Into the mystic
FLC Art Gallery exhibits “Visions at the Crossing”

The untitled sculptures of Chyako Hashimoto and the oil paintings of Mick Lorusso titled from left to right, "Christ," "Gabriel," "Michael," and "Raphael" hang from the wall at the Fort Lewis College Art Gallery Monday.  /Photo by Todd Newcomer

by Jules Masterjohn

Some experiences in life get committed to memory forever. For me, many of these unforgettable times have taken place inside some of America’s most prominent art museums, where I have taken leave of my five senses while viewing transcendental works by modern masters.

One particularly memorable exhibit, “The Spiritual in Art: Abstract Painting 1890-1985,” was presented at the Los Angeles County Museum of Art in late 1986, and the exhibit has stuck with me these past 20 years. Every so often, I pull out the exhibit brochure and read through the informative essays that describe the underlying impulses involved in the creation of abstract art. This infusion of understanding acts as a quick antidote to the lingering consternation I can carry with me, having overhead a gallery goer’s skeptical comment, “My kid could do that.” Perhaps this is true, for children (and other sensitive beings called artists) are often tapped into the world’s mystical energies. As the exhibit title suggests and the brochure states, “Spiritual issues played a vital role in the genesis of abstract art, and they continue to be a motive for its creation today.”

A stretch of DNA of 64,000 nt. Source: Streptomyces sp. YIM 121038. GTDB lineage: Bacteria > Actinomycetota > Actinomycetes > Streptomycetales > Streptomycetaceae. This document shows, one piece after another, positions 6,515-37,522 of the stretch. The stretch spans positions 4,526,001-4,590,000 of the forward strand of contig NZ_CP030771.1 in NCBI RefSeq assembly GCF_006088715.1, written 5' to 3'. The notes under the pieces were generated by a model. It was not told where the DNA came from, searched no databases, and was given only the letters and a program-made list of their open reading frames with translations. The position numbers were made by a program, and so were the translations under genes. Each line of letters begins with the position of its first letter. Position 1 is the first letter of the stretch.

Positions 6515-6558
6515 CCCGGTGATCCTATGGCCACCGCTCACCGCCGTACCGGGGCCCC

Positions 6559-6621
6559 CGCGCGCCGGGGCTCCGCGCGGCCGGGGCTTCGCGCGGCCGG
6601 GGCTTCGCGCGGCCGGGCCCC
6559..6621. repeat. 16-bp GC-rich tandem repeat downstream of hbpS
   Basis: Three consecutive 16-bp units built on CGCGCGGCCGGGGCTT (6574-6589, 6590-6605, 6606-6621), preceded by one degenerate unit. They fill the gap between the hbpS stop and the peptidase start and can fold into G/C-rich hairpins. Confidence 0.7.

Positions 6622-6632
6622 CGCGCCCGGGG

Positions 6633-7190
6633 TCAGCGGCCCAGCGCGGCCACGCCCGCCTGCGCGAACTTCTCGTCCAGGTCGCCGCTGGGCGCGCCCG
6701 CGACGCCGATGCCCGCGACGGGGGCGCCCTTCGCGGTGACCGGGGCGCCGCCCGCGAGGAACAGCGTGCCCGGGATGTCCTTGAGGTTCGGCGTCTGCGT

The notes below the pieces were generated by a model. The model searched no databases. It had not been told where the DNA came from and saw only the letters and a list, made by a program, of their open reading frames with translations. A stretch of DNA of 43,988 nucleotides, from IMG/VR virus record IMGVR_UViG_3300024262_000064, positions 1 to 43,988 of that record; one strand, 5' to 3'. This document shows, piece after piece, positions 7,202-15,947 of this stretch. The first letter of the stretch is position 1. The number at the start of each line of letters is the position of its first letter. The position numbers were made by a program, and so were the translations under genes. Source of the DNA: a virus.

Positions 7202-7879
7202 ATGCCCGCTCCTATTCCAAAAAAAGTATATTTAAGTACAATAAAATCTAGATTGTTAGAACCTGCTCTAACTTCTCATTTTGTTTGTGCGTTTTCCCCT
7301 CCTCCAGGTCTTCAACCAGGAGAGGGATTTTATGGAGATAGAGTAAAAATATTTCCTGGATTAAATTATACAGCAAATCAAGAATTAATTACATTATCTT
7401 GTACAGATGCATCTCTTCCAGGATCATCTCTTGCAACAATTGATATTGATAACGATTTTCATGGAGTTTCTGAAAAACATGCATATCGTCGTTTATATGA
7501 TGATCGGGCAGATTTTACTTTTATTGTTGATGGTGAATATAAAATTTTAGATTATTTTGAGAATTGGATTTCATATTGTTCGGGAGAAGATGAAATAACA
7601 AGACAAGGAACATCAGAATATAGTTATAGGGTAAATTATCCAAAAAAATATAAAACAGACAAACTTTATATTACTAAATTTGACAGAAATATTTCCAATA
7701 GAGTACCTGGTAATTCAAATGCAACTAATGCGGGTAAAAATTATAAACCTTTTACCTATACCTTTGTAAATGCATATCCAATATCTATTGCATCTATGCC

Currently on display at the Fort Lewis College Art Gallery are abstract art works inspired by the artists’ inquiries into mystical matters. “Visions at the Crossing” inhabits the gallery with ceramic sculpture by Chyako Hashimoto, of Durango, and oil paintings by Mick Lorusso, presently residing in Mexico. The two artists are longtime friends who, after seeing the similarities in their work a few years ago, decided to apply for an exhibit at FLC. One among many exhibits proposed for the fine art gallery, the work by Hashimoto and Lorusso was selected through several review processes conducted by college faculty and students.

Though Hashimoto and Lorusso had always recognized their artistic kinship, the deaths of each of their fathers, within a close proximity of time, redirected their creative processes onto an even more parallel path. With their bereavement came a reorganization of their lives’ priorities and artists changed directions with their work. From their individual losses grew analogous desires to explore, as the title implies, their “Visions at the Crossing.” Hashimoto explains, “The word ‘crossing’ has multi-level meaning: that of crossing from life to death with our fathers’ passings, crossing back and forth from one culture to another, and crossing the gender line from female to male in our friendship.”

This “crossing point” is also, Hashimoto clarifies, a biological term that refers to a specific point in a seed’s developmental stage, “when one side of the seed becomes the foliage and the other side becomes the root.” Hashimoto and Lorusso likened this place of differentiation to the place between life and death. The work in this exhibit has grown out of each artist’s contemplation of this “in between place.”